Temporal Query Answering in DL-Lite


Context-aware applications try to detect specific situations within a changing environment (e.g. a computer system or air traffic observed by radar) in order to react accordingly. To gain information, the environment is observed by sensors (for a computer system, data about its resources is gathered by the operating system), and the results of sensing are stored in a database. A context-aware application then detects specific predefined situations based on this data (e.g. a high system load) and executes some action (e.g. increases the CPU frequency). In a simple setting, such an application can be realized by using standard database techniques: the sensor information is stored in a database, and the situations to be recognized are specified as database queries [1]. However, we cannot assume that the sensors provide a complete description of the current state of the environment. Thus, the closed world assumption employed by database systems (i.e. facts not present in the database are assumed to be false) is not appropriate since there may be facts of which the truth is not known. For example, a sensor for certain information might not be available for a moment or not even exist. In addition, though a complete specification of the environment usually does not exist, often some knowledge about its behavior is available. This knowledge can be used to formulate constraints on the interpretation of the predicates used in the queries, to detect more complex situations. In ontology-based data access (OBDA) [8], domain knowledge is encoded in ontologies using a description logic (DL). In this paper, we consider logics of the DL-Lite family, which are lightweight DLs with a low complexity for many reasoning problems [8]. In order to recognize situations that evolve over time, we propose to add a temporal logical component to the queries. We use the operators of the temporal logic LTL, which allows to reason about a linear and discrete flow of time [17]. Usual temporal operators include next (#φ), eventually (3φ), and always (2φ), asserting that a property φ is true at the next point in time, at some point in the future, and at all time points in the future, respectively. We also use the corresponding past operators #−, 3−, and 2−. Consider, for example, a collection of servers providing several services. An important task is to migrate services between servers to balance the load. To decide when to migrate, we want to detect certain critical situations. We consider a process to be critical if it has an increasing workload, and at the same time the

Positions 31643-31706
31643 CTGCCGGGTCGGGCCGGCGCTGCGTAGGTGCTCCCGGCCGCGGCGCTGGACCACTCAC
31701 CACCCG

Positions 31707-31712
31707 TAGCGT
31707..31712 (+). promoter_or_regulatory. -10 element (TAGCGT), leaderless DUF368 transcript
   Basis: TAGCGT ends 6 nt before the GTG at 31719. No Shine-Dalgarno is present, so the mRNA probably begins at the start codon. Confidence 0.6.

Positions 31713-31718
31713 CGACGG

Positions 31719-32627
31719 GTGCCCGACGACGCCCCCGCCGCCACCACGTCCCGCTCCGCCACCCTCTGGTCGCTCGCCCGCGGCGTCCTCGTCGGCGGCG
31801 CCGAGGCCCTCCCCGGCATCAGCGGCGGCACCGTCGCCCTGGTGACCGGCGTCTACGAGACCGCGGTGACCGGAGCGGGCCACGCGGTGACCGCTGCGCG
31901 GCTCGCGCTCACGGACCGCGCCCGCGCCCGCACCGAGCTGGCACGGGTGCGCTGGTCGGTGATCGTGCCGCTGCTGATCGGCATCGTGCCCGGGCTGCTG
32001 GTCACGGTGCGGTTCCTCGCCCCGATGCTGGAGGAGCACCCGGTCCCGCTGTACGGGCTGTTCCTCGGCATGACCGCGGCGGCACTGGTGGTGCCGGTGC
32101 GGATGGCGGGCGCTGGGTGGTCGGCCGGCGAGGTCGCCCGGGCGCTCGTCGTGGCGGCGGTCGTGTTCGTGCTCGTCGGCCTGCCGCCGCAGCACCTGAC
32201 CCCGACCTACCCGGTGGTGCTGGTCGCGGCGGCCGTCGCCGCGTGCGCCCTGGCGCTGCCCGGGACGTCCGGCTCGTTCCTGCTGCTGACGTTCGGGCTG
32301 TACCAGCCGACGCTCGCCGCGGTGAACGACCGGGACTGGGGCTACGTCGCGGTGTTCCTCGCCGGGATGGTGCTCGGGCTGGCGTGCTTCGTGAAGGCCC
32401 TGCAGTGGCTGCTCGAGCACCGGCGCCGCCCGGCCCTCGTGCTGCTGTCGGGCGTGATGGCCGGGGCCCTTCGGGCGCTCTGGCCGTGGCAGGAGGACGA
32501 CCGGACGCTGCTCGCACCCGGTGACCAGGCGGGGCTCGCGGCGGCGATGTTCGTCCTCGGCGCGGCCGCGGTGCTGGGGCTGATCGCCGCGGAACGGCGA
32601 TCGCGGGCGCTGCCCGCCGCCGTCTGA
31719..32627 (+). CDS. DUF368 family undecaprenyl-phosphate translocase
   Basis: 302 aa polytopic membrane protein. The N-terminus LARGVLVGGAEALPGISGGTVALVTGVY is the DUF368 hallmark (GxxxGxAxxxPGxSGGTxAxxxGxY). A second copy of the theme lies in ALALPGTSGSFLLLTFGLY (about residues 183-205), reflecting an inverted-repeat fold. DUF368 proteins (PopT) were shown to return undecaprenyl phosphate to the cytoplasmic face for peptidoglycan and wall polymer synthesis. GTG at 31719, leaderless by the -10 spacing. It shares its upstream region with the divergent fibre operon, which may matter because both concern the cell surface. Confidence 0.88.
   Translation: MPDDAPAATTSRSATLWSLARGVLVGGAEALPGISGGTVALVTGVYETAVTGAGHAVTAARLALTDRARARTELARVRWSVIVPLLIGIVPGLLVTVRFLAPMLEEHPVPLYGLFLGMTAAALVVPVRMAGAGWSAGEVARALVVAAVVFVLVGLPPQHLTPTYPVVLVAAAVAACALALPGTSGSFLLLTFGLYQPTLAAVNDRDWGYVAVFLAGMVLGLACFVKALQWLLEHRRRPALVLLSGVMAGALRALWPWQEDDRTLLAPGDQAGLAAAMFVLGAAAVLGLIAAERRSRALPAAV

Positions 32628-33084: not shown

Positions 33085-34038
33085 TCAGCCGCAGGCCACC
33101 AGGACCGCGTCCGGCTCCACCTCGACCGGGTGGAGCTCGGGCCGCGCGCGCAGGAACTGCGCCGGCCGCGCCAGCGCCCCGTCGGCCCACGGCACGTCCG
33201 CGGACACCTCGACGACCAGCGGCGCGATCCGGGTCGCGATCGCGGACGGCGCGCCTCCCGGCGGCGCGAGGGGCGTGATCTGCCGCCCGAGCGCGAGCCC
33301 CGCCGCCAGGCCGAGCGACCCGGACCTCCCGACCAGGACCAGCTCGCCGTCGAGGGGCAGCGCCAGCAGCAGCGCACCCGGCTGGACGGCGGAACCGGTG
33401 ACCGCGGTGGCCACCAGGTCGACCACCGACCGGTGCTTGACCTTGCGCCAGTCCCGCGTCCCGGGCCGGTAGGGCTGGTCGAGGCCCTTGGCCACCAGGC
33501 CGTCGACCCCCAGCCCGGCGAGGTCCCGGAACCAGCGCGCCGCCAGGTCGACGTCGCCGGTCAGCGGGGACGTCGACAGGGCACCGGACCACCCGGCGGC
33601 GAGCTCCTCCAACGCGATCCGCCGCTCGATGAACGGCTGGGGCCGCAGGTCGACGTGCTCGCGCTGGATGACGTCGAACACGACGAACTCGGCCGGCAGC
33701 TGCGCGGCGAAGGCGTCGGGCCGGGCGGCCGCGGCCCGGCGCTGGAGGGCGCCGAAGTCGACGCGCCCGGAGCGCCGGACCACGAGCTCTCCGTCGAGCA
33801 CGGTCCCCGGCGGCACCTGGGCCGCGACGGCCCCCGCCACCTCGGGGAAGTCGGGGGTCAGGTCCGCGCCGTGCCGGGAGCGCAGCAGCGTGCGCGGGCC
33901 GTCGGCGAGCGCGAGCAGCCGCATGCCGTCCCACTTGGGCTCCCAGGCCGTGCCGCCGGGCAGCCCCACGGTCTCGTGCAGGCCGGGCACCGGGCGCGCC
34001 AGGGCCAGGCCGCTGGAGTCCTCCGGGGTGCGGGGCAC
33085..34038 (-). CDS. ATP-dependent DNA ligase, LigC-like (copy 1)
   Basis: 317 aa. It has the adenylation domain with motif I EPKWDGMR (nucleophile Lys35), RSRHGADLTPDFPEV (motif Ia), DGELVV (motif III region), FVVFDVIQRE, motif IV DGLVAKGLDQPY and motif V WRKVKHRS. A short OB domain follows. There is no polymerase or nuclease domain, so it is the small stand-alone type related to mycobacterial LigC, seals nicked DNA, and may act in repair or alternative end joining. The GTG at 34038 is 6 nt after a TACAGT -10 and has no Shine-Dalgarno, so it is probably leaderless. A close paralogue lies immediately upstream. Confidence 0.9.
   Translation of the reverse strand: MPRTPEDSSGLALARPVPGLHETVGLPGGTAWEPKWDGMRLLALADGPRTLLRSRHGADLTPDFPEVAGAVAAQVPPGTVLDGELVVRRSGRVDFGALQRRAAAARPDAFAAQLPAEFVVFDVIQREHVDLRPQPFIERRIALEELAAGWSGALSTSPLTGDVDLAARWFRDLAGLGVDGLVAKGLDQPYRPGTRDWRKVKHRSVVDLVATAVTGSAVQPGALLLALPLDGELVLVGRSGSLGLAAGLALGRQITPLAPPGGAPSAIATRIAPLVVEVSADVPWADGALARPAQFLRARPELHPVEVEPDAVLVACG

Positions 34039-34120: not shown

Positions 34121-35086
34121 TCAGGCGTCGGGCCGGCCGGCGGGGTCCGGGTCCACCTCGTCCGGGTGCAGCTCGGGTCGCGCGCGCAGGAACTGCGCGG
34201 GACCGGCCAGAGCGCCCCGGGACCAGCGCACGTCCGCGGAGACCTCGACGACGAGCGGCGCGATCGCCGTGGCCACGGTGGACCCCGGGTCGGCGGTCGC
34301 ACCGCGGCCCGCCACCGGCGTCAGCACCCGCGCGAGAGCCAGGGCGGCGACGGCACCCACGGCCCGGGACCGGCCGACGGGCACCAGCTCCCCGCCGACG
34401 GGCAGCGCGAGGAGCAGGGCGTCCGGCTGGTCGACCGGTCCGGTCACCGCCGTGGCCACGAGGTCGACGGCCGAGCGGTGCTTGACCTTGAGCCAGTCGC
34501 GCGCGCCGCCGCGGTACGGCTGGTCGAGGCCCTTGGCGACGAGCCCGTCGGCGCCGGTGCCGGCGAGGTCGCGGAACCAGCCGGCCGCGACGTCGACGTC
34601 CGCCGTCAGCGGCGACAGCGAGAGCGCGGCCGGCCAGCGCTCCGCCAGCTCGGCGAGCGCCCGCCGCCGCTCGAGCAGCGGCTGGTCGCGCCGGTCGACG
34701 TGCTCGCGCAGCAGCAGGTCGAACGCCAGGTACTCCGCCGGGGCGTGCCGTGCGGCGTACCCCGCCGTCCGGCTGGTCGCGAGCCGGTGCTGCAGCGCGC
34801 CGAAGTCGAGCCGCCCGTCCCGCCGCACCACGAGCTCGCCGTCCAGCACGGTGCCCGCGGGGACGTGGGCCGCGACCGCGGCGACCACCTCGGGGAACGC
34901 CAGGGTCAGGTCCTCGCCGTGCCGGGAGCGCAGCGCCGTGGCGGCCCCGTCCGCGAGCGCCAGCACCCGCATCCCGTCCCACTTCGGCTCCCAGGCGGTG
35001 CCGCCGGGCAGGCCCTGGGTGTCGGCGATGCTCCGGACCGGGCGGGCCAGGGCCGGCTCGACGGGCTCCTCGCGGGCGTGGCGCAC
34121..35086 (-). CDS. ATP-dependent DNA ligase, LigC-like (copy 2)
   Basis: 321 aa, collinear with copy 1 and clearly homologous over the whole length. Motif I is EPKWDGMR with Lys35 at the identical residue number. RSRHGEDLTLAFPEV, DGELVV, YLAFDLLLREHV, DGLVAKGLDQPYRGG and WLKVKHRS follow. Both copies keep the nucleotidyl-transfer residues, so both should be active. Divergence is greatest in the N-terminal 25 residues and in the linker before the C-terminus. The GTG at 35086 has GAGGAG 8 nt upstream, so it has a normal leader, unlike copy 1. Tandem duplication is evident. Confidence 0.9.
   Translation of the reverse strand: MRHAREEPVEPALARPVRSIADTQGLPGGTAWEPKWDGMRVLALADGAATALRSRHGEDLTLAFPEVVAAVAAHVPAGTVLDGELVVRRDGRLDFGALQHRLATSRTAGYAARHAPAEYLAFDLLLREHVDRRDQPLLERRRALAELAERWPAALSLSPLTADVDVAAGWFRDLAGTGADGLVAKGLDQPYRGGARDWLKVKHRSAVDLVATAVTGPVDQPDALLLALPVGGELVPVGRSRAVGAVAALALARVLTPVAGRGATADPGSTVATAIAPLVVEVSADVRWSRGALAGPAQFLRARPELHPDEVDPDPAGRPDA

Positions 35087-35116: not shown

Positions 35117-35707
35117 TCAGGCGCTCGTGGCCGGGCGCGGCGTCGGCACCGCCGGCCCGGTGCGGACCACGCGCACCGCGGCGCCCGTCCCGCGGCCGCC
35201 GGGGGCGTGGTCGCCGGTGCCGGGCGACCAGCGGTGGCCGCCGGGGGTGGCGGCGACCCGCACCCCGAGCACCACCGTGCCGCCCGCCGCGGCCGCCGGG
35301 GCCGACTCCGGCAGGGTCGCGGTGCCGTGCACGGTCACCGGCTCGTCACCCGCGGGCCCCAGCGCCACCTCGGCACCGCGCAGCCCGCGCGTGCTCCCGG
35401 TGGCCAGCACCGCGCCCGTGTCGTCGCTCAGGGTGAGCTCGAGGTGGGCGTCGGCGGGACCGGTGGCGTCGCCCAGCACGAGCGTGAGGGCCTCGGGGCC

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@inproceedings{Borgwardt2013TemporalQA, title={Temporal Query Answering in DL-Lite}, author={Stefan Borgwardt and Marcel Lippmann and Veronika Thost}, booktitle={Description Logics}, year={2013} }